As wool can absorb the moisture from your skin, and therefore the sweat when you perspire, wool can even help to absorb any odour from sweating that is only released upon washing. So wool clothing is great for layering up in post-workout when you need to brave the cooler air outside.  

10.    It’s eco-friendly
And last but certainly not least, wool has eco credentials! It’s a natural, renewable product that biodegrades much quicker than synthetic fabrics. It’s got a long lifespan and is frequently and easily recycled and reused. It is also a carbon store; pure organic carbon makes up 50% of the weight of wool. And research is now investigating the health and wellbeing benefits of wool. Wool bedding and sleepwear has been associated with a better night’s kip, promoting sleep onset and improving sleep efficiency.  Merino wool has also been found to help people that suffer from chronic skin conditions, despite misconceptions of it being “itchy”, due to its moisture and temperature management qualities.

So if you’re looking for layers to help you adapt to the cooling temperatures, opt for wool. Browse our full knitwear wool collection here or our hand knitted jumpers here.

World Vegetarian Day

world vegetarian day

October 1st marks World Vegetarian Day, a day to bring awareness about the ethical, environmental and health benefits of a vegetarian lifestyle. Vegetarianism has the obvious ethical benefit avoiding killing animals for food, but there are many other environmental and health benefits that may be less obvious.

Let’s start with your health: a plant-based diet has been found to reduce the likelihood of chronic illness (Harvard Health, 2016). This is largely due to the fact that vegetarians tend to consume less saturated fat and cholesterol, and more dietary fibres, vitamins and minerals, which results in them likely to have lower cholesterol, blood pressure and a lower BMI, and therefore a reduced risk of chronic disease. A long-term study involving over 76,000 participants found vegetarians were on average 25% less likely to die of heart disease compared to meat eaters. Similarly, large studies in England and Germany have found that vegetarians, with a diet low in saturated fat and high in fibre, are 40% less likely to develop cancers (PCRM, 2015).


vegetarian versus meat consumer


There are also major environmental benefits for becoming vegetarian or eating more vegetarian meals. Raising animals for food, including land for grazing and growing feed, requires significantly more resources than a vegetarian diet. To produce one pound of meat, it takes about 12 times the amount of land, 13 times the amount of fossil fuels and 15 times as much water as it takes to produce one pound of soy protein (Choose Veg). Animal agriculture is responsible for 18% of greenhouse gas emissions, more than the combined exhausts of all methods of transportation (FAO). By switching to a plant-based diet, you can reduce your carbon footprint by 50% (Cowspiracy). You can also significantly reduce your water footprint by eating more vegetarian meals. It takes approximately 660 litres of water to produce one hamburger, equivalent to showering for 2 months!! So whilst timing yourself in the shower and not using unnecessary water is important, you can have a much bigger impact by swapping that beef patty for a bean one.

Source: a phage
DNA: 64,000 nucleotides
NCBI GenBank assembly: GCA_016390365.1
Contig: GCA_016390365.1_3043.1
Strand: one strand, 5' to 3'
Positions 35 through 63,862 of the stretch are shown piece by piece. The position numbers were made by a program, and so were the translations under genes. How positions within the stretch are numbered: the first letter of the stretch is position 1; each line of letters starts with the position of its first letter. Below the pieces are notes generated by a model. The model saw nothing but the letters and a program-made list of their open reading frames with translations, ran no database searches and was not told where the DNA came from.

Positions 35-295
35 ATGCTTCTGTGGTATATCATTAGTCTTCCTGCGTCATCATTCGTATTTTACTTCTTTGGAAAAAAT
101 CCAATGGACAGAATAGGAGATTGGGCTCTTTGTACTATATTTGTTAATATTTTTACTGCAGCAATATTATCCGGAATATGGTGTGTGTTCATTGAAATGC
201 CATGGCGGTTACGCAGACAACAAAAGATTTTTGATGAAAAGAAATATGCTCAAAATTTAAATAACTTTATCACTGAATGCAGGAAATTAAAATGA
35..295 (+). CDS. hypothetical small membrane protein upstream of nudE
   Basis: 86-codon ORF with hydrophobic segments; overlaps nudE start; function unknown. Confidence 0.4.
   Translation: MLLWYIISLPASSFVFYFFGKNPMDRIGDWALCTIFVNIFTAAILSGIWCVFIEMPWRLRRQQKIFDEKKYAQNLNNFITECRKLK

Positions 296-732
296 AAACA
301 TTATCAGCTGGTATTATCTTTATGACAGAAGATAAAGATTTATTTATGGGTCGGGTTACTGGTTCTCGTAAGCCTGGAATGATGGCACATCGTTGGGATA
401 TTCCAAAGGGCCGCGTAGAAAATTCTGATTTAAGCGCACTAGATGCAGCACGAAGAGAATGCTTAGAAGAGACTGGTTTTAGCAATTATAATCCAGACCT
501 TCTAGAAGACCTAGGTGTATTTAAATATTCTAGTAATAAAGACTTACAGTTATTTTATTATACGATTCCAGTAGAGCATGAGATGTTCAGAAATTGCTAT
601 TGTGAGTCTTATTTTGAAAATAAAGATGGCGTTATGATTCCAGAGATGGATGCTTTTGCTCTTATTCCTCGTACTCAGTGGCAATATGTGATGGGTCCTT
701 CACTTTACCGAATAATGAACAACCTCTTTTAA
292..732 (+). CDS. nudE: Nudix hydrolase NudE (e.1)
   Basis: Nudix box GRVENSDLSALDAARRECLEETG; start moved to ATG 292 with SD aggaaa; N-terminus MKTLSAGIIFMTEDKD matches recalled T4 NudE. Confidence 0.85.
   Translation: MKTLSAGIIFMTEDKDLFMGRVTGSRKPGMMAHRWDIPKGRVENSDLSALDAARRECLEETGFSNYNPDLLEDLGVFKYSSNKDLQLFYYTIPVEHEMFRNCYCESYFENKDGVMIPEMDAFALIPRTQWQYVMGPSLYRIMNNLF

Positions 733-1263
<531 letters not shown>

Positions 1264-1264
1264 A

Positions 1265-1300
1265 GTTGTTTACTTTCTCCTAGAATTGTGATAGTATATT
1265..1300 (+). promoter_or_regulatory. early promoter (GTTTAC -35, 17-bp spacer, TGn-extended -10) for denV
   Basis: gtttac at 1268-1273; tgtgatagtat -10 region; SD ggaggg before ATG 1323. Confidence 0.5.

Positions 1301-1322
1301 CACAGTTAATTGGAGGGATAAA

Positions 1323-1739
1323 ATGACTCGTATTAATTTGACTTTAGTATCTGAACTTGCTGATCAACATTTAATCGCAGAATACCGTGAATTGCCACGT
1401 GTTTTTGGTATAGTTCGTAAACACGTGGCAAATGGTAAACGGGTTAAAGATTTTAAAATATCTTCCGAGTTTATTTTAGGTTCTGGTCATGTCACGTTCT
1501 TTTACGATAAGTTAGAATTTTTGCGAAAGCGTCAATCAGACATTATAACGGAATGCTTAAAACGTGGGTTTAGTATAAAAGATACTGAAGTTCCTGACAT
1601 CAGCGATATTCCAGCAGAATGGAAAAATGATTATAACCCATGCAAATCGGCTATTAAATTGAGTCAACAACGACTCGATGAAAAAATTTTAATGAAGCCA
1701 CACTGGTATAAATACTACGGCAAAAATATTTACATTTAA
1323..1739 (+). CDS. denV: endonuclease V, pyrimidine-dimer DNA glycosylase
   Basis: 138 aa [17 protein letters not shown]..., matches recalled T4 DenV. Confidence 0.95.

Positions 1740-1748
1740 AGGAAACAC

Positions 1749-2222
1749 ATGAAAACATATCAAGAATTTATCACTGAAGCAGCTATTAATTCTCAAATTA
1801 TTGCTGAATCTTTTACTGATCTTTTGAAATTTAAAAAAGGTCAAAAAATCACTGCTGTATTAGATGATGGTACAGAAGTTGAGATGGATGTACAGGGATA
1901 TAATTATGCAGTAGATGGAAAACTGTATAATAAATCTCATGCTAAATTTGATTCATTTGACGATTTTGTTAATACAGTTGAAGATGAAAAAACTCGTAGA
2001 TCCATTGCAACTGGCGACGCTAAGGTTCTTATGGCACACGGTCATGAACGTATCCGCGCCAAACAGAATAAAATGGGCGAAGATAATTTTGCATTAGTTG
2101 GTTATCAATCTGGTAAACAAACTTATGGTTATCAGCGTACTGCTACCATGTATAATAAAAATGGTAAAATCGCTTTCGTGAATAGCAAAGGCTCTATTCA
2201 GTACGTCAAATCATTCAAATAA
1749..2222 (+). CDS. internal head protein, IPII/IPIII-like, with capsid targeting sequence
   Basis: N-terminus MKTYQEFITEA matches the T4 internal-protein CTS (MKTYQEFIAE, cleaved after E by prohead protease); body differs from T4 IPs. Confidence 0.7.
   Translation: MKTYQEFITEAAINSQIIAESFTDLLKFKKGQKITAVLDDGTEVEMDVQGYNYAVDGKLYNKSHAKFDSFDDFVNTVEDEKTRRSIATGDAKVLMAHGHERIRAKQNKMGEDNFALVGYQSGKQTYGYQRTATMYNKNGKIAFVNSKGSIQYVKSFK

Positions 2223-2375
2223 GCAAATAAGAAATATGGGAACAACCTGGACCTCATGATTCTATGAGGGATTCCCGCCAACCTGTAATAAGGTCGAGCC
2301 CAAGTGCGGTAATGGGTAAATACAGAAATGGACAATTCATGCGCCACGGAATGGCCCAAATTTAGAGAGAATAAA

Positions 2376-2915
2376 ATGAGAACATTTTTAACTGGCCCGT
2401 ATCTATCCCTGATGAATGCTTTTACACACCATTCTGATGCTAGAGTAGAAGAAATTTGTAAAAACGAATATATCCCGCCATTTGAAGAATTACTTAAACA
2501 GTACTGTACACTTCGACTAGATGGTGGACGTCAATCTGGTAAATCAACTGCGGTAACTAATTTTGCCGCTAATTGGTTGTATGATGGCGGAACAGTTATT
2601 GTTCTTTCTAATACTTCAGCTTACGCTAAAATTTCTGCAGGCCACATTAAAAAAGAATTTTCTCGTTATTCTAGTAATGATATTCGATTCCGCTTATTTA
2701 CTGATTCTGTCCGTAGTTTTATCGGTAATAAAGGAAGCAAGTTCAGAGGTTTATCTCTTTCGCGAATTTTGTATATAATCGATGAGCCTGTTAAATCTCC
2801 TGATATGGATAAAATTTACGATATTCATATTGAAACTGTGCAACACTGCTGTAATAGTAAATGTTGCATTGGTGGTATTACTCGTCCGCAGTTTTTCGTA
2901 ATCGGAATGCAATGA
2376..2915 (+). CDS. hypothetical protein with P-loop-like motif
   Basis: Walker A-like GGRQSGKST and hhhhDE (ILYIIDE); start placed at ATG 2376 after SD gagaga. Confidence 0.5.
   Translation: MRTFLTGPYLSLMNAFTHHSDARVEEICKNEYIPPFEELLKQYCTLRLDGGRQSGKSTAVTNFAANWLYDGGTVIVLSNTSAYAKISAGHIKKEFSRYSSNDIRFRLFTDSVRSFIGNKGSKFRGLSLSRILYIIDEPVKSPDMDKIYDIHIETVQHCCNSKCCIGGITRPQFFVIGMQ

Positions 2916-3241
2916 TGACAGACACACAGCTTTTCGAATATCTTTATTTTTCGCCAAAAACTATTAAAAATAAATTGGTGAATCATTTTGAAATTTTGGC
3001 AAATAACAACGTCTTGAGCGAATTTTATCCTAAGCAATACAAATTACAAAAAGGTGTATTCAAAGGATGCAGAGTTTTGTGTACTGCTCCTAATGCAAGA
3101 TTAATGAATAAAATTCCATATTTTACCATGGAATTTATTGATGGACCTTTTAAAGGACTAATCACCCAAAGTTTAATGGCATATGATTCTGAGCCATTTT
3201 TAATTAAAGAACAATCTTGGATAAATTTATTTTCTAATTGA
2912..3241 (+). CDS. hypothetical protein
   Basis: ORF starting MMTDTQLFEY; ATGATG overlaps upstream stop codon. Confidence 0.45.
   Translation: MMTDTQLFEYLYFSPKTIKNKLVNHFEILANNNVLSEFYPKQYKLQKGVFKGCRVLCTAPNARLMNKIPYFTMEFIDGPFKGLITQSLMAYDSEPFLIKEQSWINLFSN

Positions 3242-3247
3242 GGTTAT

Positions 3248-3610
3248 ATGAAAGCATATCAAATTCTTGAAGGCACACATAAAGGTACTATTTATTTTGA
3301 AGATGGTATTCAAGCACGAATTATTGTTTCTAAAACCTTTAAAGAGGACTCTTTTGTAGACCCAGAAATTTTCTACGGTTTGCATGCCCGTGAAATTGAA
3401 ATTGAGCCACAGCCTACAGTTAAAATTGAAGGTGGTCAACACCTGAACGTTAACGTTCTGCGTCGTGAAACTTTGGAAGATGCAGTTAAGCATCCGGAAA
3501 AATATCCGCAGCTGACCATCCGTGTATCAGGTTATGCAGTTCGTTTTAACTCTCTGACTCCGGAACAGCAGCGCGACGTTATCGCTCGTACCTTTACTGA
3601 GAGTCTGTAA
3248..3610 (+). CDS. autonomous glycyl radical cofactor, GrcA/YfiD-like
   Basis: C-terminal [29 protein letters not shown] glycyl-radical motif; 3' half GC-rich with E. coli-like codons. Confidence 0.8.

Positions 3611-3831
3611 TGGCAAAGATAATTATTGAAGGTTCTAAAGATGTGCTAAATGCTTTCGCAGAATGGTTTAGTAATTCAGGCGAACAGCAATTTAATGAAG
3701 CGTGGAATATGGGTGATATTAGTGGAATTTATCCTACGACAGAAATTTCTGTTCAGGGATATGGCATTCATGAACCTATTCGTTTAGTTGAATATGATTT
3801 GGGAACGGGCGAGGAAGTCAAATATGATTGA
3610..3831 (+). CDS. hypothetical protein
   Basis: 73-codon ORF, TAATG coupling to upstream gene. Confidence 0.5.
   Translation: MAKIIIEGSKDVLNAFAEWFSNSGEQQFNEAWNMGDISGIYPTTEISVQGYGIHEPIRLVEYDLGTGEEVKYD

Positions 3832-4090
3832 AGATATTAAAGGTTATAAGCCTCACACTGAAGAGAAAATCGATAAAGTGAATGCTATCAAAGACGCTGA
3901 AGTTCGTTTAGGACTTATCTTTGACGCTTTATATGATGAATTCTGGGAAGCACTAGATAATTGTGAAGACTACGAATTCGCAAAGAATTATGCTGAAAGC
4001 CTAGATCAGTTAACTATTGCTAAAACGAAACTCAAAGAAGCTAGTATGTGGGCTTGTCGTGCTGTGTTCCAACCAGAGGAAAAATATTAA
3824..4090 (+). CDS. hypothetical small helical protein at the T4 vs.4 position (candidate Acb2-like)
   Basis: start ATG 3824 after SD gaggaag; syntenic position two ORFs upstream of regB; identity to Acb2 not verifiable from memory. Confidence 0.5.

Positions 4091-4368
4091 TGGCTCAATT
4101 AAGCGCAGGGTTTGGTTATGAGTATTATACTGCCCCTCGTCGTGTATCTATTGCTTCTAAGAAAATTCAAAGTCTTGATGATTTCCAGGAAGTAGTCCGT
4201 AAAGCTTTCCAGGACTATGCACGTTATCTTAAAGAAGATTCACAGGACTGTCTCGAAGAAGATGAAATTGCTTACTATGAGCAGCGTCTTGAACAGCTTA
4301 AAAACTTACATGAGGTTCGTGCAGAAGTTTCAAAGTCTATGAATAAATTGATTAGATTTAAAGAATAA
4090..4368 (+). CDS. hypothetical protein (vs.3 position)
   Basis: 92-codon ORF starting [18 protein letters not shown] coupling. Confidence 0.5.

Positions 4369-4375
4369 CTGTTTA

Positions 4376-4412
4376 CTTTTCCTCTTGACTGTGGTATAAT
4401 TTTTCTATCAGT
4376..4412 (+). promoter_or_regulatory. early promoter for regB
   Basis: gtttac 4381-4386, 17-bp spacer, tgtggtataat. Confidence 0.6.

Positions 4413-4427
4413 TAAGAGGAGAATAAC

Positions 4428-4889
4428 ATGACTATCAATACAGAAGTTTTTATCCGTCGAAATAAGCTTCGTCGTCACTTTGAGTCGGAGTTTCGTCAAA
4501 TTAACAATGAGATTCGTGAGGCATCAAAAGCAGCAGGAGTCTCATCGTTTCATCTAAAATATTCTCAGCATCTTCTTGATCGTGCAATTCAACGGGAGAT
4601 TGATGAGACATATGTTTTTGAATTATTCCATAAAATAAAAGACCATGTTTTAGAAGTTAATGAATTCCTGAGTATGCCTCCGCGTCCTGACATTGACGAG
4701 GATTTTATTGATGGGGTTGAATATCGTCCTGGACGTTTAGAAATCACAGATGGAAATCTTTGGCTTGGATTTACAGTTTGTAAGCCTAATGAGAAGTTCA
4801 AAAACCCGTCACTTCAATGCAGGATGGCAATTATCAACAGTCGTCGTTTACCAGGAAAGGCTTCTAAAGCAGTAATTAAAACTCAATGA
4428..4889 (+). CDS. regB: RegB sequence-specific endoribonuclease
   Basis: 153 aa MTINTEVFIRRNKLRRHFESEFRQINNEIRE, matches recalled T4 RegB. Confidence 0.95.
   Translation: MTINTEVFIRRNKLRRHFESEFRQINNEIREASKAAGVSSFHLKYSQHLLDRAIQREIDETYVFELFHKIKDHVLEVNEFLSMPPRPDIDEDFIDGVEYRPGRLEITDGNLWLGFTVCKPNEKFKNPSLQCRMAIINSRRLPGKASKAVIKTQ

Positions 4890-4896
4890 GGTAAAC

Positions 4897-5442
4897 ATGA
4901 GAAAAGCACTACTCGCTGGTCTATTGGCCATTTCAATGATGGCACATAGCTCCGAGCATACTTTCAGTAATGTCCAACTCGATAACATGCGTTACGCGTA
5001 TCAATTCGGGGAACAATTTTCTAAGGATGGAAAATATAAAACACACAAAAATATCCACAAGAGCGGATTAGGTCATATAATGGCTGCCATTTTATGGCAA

So this October 1st, try missing out meat and experimenting with vegetarian dishes you may not have tried before. Here are some Bibico-approved recipes to get you started:

Baked Banana, Blueberry and Raisin Oatmeal

vegetarian breakfast ideas

Ella’s oatmeal bake is truly delicious! Made with oats, berries, banana, and nuts, it’s a simple and scrumptious breakfast filled with anti-oxidants, potassium and omega-3 fatty acids, supporting many of your bodily functions. And it’s perfect for those of you that like to sleep in: you could bake the night before and heat up in the morning; after you’ve test-tasted it that it – it’s hard not to try a piece when it’s fresh out of the oven! We’ve also experimented by adding raspberries, chia seeds and dark choc chips, it was gooood!

Halloumi lunch wraps

vegetarian lunch recipes

Halloumi is a veggie favourite. It’s a Cypriot cheese made from a mixture of goat's and sheep's milk. Quick and easy to fry up and flip into a wrap, it’s the perfect lunch food. Experiment with humus, red pepper, aubergine and falafel, it tastes good with most ingredients. We love April Everyday’s recipe with rocket, falafel, humus and homemade tzatziki.

Coconut red curry

vegetarian red cocunot recipe

Who doesn’t love a good curry?! A flavoursome pot of nutritious deliciousness. That’s exactly what Minimalist Baker’s coconut red curry is. Your taste buds will be tingling after this one-pot dish, full of plant-based protein and fibre. Minimalist Baker uses red pepper, aubergine, chickpeas and green peas in her recipe, but you can experiment with whatever veg you like best; we like adding some sweet potato or mushrooms to ours. And for those of you that can’t handle spice, simply skip the use of chilli and increase your ratio of coconut milk to curry paste. And if there’s any left (unlikely in our household) pop it in the fridge and take it for lunch the next day, leftovers can be kept for up to 4 days!

What are your favourite vegetarian recipes? Let us know!